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INTERIM REPORT

Approaches to Cost Recovery for Animal Research: Implications for Science, Animals, Research Competitiveness, and Regulatory Compliance

National Research Council



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Approaches to Cost Recovery for Animal Research: Implications for Science, Animals, Research Competitiveness, and Regulatory Compliance INTERIM REPORT Approaches to Cost Recovery for Animal Research: Implications for Science, Animals, Research Competitiveness, and Regulatory Compliance National Research Council

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Approaches to Cost Recovery for Animal Research: Implications for Science, Animals, Research Competitiveness, and Regulatory Compliance Approaches to Cost Recovery for Animal Research: Implications for Science, Animals, Research Competitiveness, and Regulatory Compliance A Report of the Committee on Cost of and Payment for Animal Research Institute for Laboratory Animal Research National Research Council National Academy Press Washington, D.C. 1998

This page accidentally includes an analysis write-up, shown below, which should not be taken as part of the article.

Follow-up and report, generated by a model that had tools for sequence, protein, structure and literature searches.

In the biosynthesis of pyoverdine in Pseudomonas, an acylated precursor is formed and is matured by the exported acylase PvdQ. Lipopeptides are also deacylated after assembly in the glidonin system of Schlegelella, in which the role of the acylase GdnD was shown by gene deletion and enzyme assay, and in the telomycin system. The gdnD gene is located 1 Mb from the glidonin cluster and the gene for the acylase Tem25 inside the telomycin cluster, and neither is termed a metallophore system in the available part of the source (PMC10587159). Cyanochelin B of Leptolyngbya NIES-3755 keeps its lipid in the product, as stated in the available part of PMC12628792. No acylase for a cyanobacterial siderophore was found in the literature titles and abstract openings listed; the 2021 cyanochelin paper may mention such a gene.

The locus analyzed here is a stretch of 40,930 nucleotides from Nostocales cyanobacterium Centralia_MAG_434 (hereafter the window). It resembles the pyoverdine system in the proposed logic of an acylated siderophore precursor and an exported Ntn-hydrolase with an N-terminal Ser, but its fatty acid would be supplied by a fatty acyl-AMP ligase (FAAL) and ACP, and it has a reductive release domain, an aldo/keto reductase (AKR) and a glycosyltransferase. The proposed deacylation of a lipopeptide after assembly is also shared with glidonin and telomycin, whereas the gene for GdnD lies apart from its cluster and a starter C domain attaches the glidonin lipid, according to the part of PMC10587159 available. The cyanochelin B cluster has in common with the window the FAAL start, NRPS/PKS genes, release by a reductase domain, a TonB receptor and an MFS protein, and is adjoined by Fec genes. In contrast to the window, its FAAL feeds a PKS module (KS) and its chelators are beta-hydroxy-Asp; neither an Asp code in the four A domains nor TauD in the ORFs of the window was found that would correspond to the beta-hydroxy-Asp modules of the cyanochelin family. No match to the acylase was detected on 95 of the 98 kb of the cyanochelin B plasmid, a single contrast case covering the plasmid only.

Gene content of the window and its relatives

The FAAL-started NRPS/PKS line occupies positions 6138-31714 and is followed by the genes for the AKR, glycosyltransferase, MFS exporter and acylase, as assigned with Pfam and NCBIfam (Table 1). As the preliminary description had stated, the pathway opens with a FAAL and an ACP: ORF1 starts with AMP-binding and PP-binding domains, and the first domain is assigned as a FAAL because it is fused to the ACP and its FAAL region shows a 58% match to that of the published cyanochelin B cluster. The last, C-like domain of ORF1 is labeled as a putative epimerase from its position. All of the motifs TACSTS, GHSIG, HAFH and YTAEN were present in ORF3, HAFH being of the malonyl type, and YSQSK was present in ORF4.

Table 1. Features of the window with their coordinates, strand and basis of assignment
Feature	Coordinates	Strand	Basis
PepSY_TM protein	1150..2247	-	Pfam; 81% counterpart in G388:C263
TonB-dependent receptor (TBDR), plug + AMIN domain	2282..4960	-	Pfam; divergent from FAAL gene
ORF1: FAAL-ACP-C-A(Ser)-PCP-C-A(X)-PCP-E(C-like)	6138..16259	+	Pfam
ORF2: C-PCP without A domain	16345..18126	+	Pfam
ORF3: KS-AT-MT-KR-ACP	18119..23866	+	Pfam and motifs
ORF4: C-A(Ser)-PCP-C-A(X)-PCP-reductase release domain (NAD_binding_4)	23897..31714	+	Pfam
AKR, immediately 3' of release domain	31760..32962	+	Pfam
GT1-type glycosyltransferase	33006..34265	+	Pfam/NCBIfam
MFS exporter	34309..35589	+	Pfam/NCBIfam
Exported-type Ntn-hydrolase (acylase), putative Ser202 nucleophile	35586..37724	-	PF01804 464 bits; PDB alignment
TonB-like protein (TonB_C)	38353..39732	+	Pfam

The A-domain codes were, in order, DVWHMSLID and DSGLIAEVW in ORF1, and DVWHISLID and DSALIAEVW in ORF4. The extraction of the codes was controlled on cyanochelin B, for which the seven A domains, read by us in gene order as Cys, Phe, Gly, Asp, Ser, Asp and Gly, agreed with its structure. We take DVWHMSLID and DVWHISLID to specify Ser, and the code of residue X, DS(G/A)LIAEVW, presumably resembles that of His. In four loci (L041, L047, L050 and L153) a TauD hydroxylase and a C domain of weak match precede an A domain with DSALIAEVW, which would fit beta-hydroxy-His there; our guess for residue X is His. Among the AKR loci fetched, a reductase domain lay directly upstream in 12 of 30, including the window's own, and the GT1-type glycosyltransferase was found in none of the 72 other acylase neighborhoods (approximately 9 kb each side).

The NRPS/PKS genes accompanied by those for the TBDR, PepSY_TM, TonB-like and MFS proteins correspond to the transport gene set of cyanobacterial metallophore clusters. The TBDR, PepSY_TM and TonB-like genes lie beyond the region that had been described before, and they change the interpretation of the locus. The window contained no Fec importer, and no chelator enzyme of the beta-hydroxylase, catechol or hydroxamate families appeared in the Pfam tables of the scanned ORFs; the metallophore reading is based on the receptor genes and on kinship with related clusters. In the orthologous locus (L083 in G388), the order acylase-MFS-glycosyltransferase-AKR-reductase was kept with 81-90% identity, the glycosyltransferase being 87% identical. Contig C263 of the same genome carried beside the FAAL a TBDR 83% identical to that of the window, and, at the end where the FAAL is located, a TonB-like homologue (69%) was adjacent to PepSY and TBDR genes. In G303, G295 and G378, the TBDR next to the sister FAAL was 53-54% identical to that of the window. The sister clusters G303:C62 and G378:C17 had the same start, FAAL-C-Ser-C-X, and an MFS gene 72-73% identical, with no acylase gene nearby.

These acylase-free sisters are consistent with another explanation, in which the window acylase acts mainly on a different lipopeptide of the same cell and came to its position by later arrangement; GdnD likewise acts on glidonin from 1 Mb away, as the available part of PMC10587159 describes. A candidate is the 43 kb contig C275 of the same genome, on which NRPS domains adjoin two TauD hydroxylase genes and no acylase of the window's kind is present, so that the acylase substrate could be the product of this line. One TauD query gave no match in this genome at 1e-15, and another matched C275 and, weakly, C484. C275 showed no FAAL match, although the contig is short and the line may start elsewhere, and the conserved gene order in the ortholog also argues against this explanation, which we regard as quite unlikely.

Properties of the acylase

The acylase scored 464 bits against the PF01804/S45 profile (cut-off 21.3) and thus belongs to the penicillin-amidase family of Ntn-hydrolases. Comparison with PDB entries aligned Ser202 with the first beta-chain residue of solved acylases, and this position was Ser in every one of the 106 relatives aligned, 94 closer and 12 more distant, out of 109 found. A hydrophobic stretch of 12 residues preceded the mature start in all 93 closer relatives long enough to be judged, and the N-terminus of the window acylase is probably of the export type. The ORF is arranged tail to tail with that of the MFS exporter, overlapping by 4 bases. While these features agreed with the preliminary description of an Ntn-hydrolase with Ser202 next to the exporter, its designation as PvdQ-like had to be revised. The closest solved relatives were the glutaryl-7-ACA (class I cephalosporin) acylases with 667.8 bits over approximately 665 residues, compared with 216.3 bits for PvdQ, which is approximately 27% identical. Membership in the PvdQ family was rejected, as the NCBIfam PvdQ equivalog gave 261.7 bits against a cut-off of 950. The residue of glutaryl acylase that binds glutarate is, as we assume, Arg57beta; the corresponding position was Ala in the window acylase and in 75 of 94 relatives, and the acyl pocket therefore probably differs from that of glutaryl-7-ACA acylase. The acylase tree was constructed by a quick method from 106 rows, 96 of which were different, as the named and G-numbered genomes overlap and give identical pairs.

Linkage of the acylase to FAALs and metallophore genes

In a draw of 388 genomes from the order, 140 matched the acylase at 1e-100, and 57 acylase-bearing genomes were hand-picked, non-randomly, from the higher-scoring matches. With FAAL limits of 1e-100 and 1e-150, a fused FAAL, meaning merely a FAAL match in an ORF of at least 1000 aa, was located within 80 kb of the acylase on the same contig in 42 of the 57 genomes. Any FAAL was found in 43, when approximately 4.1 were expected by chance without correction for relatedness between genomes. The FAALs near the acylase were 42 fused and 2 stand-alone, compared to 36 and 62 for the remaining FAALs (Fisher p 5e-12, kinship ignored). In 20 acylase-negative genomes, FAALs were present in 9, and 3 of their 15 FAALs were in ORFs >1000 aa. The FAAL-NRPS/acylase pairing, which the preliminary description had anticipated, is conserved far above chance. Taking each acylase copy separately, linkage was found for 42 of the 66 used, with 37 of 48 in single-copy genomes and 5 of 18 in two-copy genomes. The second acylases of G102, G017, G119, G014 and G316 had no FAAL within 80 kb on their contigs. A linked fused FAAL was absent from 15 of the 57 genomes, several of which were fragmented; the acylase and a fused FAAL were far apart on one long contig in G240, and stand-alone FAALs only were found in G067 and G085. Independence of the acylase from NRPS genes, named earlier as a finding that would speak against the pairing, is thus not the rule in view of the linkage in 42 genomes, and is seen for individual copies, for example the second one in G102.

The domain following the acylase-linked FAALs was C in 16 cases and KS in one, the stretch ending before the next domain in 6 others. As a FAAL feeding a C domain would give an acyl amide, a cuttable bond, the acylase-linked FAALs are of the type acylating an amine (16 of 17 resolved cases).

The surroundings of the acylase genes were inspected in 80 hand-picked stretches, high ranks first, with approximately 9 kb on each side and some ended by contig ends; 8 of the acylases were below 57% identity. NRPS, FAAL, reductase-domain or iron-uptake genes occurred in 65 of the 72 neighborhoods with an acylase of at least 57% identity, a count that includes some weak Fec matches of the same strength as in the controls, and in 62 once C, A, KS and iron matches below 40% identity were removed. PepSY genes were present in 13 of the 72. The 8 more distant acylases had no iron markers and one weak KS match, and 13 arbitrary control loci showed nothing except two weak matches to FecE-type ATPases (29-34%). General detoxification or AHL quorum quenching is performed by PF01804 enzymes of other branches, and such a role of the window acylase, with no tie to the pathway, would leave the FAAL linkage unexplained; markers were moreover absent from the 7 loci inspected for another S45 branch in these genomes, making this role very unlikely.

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Approaches to Cost Recovery for Animal Research: Implications for Science, Animals, Research Competitiveness, and Regulatory Compliance NATIONAL ACADEMY PRESS 2101 Constitution Avenue, N.W.Washington, D.C.20418 NOTICE: The project that is the subject of this report was approved by the Governing Board of the National Research Council, whose members are drawn from the councils of the National Academy of Sciences, the National Academy of Engineering, and the Institute of Medicine. The members of the committee responsible for the report were chosen for their special competences and with regard for appropriate balance. The National Academy of Sciences is a private, nonprofit, self-perpetuating society of distinguished scholars engaged in scientific and engineering research, dedicated to the furtherance of science and technology and to their use for the general welfare. Upon the authority of the charter granted to it by the Congress in 1863, the Academy has a mandate that requires it to advise the federal government on scientific and technical matters. Dr. Bruce M. Alberts is president of the National Academy of Sciences. The National Academy of Engineering was established in 1964, under the charter of the National Academy of Sciences, as a parallel organization of outstanding engineers. It is autonomous in its administration and in the selection of its members, sharing with the National Academy of Sciences the responsibility for advising the federal government. The National Academy of Engineering also sponsors engineering programs aimed at meeting national needs, encourages education and research, and recognizes the superior achievements of engineers. Dr. William A. Wulf is president of the National Academy of Engineering. The Institute of Medicine was established in 1970 by the National Academy of Sciences to secure the services of eminent members of appropriate professions in the examination of policy matters pertaining to the health of the public. The Institute acts under the responsibility given to the National Academy of Sciences by its congressional charter to be an adviser to the federal government and, upon its own initiative, to identify issues of medical care, research, and education. Dr. Kenneth I. Shine is president of the Institute of Medicine. The National Research Council was organized by the National Academy of Sciences in 1916 to associate the broad community of science and technology with the Academy's purposes of furthering knowledge and advising the federal government. Functioning in accordance with general policies determined by the Academy, the Council has become the principal operating agency of both the National Academy of Sciences and the National Academy of Engineering in providing services to the government, the public, and the scientific and engineering communities. The Council is administered jointly by both Academies and the Institute of Medicine. Dr. Bruce M. Alberts and Dr. William A. Wulf are chairman and vice chairman, respectively, of the National Research Council. This study was supported by Contract/Grant No. N01-0D-4-2139 between the National Academy of Sciences and the Department of Health and Human Services and National Institutes of Health. Any opinions, findings, conclusions, or recommendations expressed in this publication are those of the author(s) and do not necessarily reflect the views of the organizations or agencies that provided support for the project. Availability from program office as desired, 202-334-2590.